The Big Mistake…or not

April 7, 2024

The 03112 to Madrid 

  We stopped for coffee and croissants just around the corner from our apartment the morning of our departure from Barcelona. Then we walked the five minutes or so to the city’s main train station, where we sauntered through baggage check, and then immediately onto our first class carriage for our two-hour plus ride to Madrid. This is European train travel at its finest: no waiting, no lines and drinks served upon departure. 

  Later, lunch with wine was served. It was not the same hot, gourmet lunch I remember enjoying on my previous solo (and pre-covid) trip from Barcelona to Madrid back in 2018. This time they handed out box lunches of cold ham and cheese sandwiches and a dessert square. But at least they retained the haute-cuisine touch of cutting off the crusts of the white bread. Civilization is preserved!

  We’d taken up a Rick Steves recommendation for the Hotel Europa located at the beating heart center of Madrid, Puerta del Sol (there’s a marker in the square designating kilometer zero as the mythical center of Madrid). Four stops on the metro from the Atocha train station, and we were able to drop our bags and head downstairs into the middle of Madrid’s nightlife. Which we were able to sustain until sunset, when we headed back to the room and crashed to the sounds of Puerta de Sol just getting cranked up.

Madrid’s beating heart: Puerta del Sol

  Full of swagger over our sweet ride to Madrid, and scoring a great hotel and location, Carol set about the task of putting the exclamation point on this trip, and booking our home for the coming two weeks in the historic (Phoenicians founded It in 1100 BCE) Atlantic coastal city of Cadiz.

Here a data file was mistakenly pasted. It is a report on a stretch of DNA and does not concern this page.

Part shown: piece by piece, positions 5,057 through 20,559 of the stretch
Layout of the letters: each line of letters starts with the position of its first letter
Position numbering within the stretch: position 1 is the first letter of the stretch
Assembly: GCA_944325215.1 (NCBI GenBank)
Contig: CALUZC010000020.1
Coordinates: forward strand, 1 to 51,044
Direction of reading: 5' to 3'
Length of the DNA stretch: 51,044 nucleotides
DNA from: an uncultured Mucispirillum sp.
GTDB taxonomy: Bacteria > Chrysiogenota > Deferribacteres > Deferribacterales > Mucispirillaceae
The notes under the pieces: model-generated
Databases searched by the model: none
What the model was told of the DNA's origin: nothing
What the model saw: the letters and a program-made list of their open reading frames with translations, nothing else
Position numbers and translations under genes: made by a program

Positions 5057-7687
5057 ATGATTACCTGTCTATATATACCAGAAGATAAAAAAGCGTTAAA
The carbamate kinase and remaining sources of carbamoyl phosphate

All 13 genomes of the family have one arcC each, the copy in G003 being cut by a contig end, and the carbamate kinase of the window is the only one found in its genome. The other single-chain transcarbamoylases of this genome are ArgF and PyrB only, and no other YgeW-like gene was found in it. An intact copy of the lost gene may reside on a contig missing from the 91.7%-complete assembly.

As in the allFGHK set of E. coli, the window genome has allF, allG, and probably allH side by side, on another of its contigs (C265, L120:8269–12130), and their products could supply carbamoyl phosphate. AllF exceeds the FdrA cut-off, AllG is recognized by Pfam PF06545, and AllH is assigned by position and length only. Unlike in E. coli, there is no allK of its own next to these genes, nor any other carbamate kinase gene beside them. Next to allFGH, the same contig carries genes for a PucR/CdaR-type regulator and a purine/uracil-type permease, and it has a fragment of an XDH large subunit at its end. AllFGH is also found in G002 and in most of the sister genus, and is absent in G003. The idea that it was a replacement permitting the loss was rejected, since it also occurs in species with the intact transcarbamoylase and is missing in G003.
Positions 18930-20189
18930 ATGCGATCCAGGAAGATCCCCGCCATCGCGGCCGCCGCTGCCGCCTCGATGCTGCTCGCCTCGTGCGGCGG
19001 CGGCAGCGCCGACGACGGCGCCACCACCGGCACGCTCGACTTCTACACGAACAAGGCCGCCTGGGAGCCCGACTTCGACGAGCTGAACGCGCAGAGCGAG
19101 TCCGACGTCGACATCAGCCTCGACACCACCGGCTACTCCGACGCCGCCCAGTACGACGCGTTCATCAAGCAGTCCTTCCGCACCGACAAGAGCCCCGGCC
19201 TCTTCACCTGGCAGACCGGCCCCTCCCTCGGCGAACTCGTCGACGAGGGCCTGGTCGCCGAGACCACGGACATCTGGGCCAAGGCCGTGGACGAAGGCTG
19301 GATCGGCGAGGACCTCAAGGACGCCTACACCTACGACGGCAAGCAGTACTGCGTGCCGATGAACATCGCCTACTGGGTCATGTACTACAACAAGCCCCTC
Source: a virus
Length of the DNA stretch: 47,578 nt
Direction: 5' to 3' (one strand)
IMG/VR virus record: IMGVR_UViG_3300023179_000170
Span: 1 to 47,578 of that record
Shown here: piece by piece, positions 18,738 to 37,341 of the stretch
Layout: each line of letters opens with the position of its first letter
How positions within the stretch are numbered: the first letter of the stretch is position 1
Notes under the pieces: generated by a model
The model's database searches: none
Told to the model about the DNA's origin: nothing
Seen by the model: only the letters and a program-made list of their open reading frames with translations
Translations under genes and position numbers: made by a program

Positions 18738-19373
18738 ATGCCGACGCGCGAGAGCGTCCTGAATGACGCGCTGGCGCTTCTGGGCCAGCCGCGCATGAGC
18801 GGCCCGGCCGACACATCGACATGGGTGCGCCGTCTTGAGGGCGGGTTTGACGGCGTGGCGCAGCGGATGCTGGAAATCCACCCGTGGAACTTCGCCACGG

We envisioned this as another live-like-the-locals experience. We’d spend a couple of weeks in an apartment, cooking our meals, washing our clothes and finishing out our evenings on a couch eating popcorn and watching Netflix. Just like the Cadizians do, right?

Carol’s daughter thought it would require quite a swim!

  But it wouldn’t turn out to be the Cadizians precisely. While Carol located what seemed like a real gem of an apartment in a neighborhood (she thought) of Cadiz named Rota, it turned out to be a whole town of its own named Rota, and located on the complete opposite of the bay that separates these two towns, by approximately 30 kilometers as the bus rumbles. By the time an ashened-face Carol confirmed both her fear of where Rota was actually located, and that her fear was also non-refundable (remember it was for two weeks), I set about finding a paper bag for her hyperventilation, while secretly thinking, romantically, this could be one of those travel fears that could be both surprising and special. If we could work out the logistics of arriving in Cadiz by train at 6:30 in the evening, and making it over the bay to our apartment before, say midnight, we’d be fine. (I’d also carved out an unsigned agreement that if this did turn out to be a disaster, I would earn some frequent FUBAR points of my own to cash in when needed in the most certain future of our journeys together.)

Our street

  In what would be our first indication that we had Magoo-like stumbled into Spain’s version of Shangri-la, however, our host mapped out an itinerary that had us getting off the train two stops before Cadiz and taking a taxi from there to the apartment in Rota. We arrived at the door at 6:30 p.m, the same time as our originally planned arrival in Cadiz.

The Madigan/Champagne castle entrance
The great, arched wooden door protecting the entrance to our apartment, off a narrow, auto prohibited, cobblestone alley, lay in the shadow of a medieval castle, a lighthouse warning off Atlantic Ocean mariners and an American-owned bar that features a Sunday dinner special of fried chicken and homemade mac and cheese. 

Feet firmly planted in beautiful Rota.

 I say: Welcome home, weary travelers. (And I’m earning zero frequent FUBAR points, it goes without saying.)

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